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I would like to use gettext to translate a sentence and leave number as it is, like in these examples:

"i am 100 years old" -> Tengo 100 años de edad (spanish)
"i am 10 years old"   -> Tengo 10 años de edad (spanish)

"i slept 24 hours a day" ->  Ich schlief 24 Stunden am Tag (german)
"i slept 4 hours a day" ->   Ich schlief 4 Stunden am Tag (german)

i guess the string should be something like this: 'i slept #24# hours a day' but i'm not sure...

Is there any way to translate string regardless the specific number in it (some kind of formatting maybe)?



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You can get numbers using preg_match. And here's regex for it !\d+!. –  Leri Jun 30 '12 at 8:29
getting the numbers will not solve the problem and provide a good solution.. I would like to save typing translations for all combinations: "i slept 24 hours a day" , "i slept 23 hours a day" , "i slept 22 hours a day" , "i slept 21 hours a day" .... –  user1199838 Jun 30 '12 at 8:31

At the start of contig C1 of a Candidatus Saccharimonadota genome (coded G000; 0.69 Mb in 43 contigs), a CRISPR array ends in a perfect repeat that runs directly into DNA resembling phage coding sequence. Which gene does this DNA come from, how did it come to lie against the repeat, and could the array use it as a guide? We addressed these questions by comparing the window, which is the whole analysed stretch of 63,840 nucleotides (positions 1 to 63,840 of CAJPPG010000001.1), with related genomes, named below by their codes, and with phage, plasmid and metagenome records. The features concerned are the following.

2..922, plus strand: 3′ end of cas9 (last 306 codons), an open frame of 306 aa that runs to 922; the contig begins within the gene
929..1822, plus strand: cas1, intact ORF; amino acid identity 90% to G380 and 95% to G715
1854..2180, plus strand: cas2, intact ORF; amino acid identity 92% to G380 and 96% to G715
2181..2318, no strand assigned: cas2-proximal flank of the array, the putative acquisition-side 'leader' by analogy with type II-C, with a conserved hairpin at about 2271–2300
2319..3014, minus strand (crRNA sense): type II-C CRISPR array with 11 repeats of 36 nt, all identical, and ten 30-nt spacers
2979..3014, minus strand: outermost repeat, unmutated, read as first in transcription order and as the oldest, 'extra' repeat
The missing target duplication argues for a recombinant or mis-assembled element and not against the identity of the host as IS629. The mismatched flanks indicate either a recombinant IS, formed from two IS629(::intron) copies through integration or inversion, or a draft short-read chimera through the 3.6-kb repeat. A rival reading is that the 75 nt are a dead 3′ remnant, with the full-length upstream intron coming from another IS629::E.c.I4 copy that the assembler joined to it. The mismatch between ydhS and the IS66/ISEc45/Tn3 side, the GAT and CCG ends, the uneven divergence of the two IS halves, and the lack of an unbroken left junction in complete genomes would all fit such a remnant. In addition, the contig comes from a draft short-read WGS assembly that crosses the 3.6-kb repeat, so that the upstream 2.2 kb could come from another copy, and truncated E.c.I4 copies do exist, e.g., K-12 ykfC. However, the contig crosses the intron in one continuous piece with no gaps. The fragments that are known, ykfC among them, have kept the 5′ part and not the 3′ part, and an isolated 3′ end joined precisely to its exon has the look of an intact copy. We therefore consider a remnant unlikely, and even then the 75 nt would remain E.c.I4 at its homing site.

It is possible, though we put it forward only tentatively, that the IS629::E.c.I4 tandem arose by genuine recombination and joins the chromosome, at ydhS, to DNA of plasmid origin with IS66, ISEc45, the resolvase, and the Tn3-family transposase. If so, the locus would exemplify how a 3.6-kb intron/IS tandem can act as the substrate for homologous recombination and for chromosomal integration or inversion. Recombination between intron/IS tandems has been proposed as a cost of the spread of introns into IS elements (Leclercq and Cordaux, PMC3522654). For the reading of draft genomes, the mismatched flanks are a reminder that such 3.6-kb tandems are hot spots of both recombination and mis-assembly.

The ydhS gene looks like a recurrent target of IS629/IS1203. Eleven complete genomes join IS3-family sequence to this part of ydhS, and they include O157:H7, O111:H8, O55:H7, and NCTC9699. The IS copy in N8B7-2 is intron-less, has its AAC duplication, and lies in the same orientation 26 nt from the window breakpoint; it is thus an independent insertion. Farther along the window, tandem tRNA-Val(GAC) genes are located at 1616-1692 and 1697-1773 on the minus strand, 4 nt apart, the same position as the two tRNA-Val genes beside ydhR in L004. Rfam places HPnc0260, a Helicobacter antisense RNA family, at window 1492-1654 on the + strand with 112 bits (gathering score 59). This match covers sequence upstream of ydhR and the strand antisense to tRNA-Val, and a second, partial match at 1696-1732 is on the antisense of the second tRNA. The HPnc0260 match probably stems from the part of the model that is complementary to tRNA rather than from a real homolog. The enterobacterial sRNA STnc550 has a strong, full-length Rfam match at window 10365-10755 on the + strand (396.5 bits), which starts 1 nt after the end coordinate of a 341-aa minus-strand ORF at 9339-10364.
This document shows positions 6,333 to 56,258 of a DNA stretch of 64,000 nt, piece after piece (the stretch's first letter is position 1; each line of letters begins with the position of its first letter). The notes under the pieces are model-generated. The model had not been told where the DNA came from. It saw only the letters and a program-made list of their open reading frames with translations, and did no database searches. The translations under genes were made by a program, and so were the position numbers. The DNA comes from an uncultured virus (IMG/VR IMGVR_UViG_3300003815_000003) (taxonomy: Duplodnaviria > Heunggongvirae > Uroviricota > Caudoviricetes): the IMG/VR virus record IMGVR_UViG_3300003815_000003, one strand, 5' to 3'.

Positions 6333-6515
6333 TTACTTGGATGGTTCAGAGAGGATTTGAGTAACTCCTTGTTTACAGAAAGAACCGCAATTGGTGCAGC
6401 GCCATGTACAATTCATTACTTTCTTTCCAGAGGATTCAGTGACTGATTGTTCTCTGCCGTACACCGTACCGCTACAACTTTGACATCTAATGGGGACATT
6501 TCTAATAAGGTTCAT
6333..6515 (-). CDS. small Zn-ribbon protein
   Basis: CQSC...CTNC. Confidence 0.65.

If I thought that this is solution, I would not comment it. I've just "thrown" an idea. –  Leri Jun 30 '12 at 8:32
saving time of typing all options exists with only numbers changed in it is something i would like to avoid of. –  user1199838 Jun 30 '12 at 8:35

3 Answers 3

If you always know the format, sscanf can help you.

sscanf('i am %d years old', $years);
$newString = sprintf('Tengo %d años de edad', $years);
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You could use replace the number after translate.

str_replace('#NUM#', $num,  gettext('i slept #NUM# hours a day'));
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The problem you talk about is more-o-less easily solved with this:

$translation = gettext("I am %d years old");
$phrase      = sprintf($translation, $n);

But there's another problem actually. In some languages nouns that follow numbers ("year" in your example) are translated different depending of what number is used. And it's not only about single/plural form: for example, in Russian

"I am 10 years old" = "Мне 10 лет"
"I am 21 years old" = "Мне 21 год"

For these types of translation you should use more advanced ngettext() function, like this:

setlocale(LC_ALL, 'cs_CZ');
printf(ngettext("%d window", "%d windows", 1), 1); // 1 okno
printf(ngettext("%d window", "%d windows", 2), 2); // 2 okna
printf(ngettext("%d window", "%d windows", 5), 5); // 5 oken

Yes, the number itself is used twice: first to get the correct form of noun in ngettext, then to fill the placeholder in printf.

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